converse fallacy of the accident

Philosophy dictionary. . 2011.

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  • Fallacy of the single cause — The fallacy of the single cause, also known as causal oversimplification, is a fallacy of questionable cause that occurs when it is assumed that there is a single, simple cause of an outcome when in reality it may have been caused by a number of… …   Wikipedia

  • Fallacy of composition — The fallacy of composition arises when one infers that something is true of the whole from the fact that it is true of some part of the whole (or even of every proper part). For example: This fragment of metal cannot be broken with a hammer,… …   Wikipedia

  • Fallacy of quoting out of context — The practice of quoting out of context, sometimes referred to as contextomy or quote mining , is a logical fallacy and a type of false attribution in which a passage is removed from its surrounding matter in such a way as to distort its intended… …   Wikipedia

  • Fallacy of division — A fallacy of division occurs when one reasons logically that something true of a thing must also be true of all or some of its parts. An example: A Boeing 747 can fly unaided across the ocean. A Boeing 747 has jet engines. Therefore, one of its… …   Wikipedia

  • Fallacy — In logic and rhetoric, a fallacy is usually incorrect argumentation in reasoning resulting in a misconception or presumption. By accident or design, fallacies may exploit emotional triggers in the listener or interlocutor (appeal to emotion), or… …   Wikipedia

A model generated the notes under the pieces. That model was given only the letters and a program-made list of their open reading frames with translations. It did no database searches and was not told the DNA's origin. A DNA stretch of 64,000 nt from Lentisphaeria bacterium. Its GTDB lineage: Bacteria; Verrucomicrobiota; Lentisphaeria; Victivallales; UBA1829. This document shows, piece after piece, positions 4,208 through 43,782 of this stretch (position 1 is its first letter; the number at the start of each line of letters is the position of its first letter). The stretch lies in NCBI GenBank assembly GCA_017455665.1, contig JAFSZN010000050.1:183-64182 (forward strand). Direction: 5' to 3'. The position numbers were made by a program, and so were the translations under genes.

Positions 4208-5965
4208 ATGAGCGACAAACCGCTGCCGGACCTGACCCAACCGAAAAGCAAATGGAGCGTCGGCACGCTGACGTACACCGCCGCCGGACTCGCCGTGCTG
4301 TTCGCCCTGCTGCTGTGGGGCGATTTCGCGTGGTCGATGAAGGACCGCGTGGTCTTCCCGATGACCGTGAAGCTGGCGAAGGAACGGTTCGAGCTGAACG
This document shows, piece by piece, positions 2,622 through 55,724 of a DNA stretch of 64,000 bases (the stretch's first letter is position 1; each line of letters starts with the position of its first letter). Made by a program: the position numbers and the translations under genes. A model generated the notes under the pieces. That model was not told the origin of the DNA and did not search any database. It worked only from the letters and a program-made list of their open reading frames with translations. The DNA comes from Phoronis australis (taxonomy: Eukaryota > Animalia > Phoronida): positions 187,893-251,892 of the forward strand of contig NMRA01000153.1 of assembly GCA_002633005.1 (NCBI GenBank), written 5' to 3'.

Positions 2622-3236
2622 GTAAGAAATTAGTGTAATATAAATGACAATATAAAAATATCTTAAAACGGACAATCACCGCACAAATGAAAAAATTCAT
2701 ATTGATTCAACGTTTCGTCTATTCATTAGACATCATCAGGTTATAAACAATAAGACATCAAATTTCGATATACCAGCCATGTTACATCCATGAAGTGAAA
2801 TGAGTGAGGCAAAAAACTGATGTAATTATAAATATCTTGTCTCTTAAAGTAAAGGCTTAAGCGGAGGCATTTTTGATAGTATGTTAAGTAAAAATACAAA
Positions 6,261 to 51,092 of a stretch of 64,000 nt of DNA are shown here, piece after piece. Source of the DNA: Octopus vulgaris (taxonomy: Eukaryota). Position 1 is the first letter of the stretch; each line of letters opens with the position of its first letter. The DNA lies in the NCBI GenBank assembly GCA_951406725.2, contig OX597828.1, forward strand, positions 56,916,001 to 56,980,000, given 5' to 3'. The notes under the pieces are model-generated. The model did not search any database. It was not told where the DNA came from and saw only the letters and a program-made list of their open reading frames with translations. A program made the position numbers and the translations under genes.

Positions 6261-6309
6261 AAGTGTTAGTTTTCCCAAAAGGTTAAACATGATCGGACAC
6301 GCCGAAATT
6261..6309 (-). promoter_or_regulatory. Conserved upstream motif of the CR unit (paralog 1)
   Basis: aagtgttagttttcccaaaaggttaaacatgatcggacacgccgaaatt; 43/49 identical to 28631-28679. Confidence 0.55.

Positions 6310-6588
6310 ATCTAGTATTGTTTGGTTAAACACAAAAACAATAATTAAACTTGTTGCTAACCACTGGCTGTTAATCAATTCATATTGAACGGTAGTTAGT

• fallacy — /fal euh see/, n., pl. fallacies. 1. a deceptive, misleading, or false notion, belief, etc.: That the world is flat was at one time a popular fallacy. 2. a misleading or unsound argument. 3. deceptive, misleading, or false nature; erroneousness.… …   Universalium

  • Converse accident — The logical fallacy of converse accident (also called reverse accident, destroying the exception, or a dicto secundum quid ad dictum simpliciter) is a deductive fallacy that can occur in a statistical syllogism when an exception to a… …   Wikipedia

  • Accident (fallacy) — The logical fallacy of accident, also called destroying the exception or a dicto simpliciter ad dictum secundum quid, is a deductive fallacy occurring in statistical syllogisms (an argument based on a generalization) when an exception to the… …   Wikipedia

  • Converse — may refer to: Converse accident, a type of logical fallacy Conversion (linguistics), a kind of word formation Converse (logic), a concept in logic Religious conversion, the adaption of a new religious belief Converse (shoe company), an American… …   Wikipedia

  • Gambler's fallacy — The Gambler s fallacy, also known as the Monte Carlo fallacy (because its most famous example happened in a Monte Carlo Casino in 1913)[1], and also referred to as the fallacy of the maturity of chances, is the belief that if deviations from… …   Wikipedia

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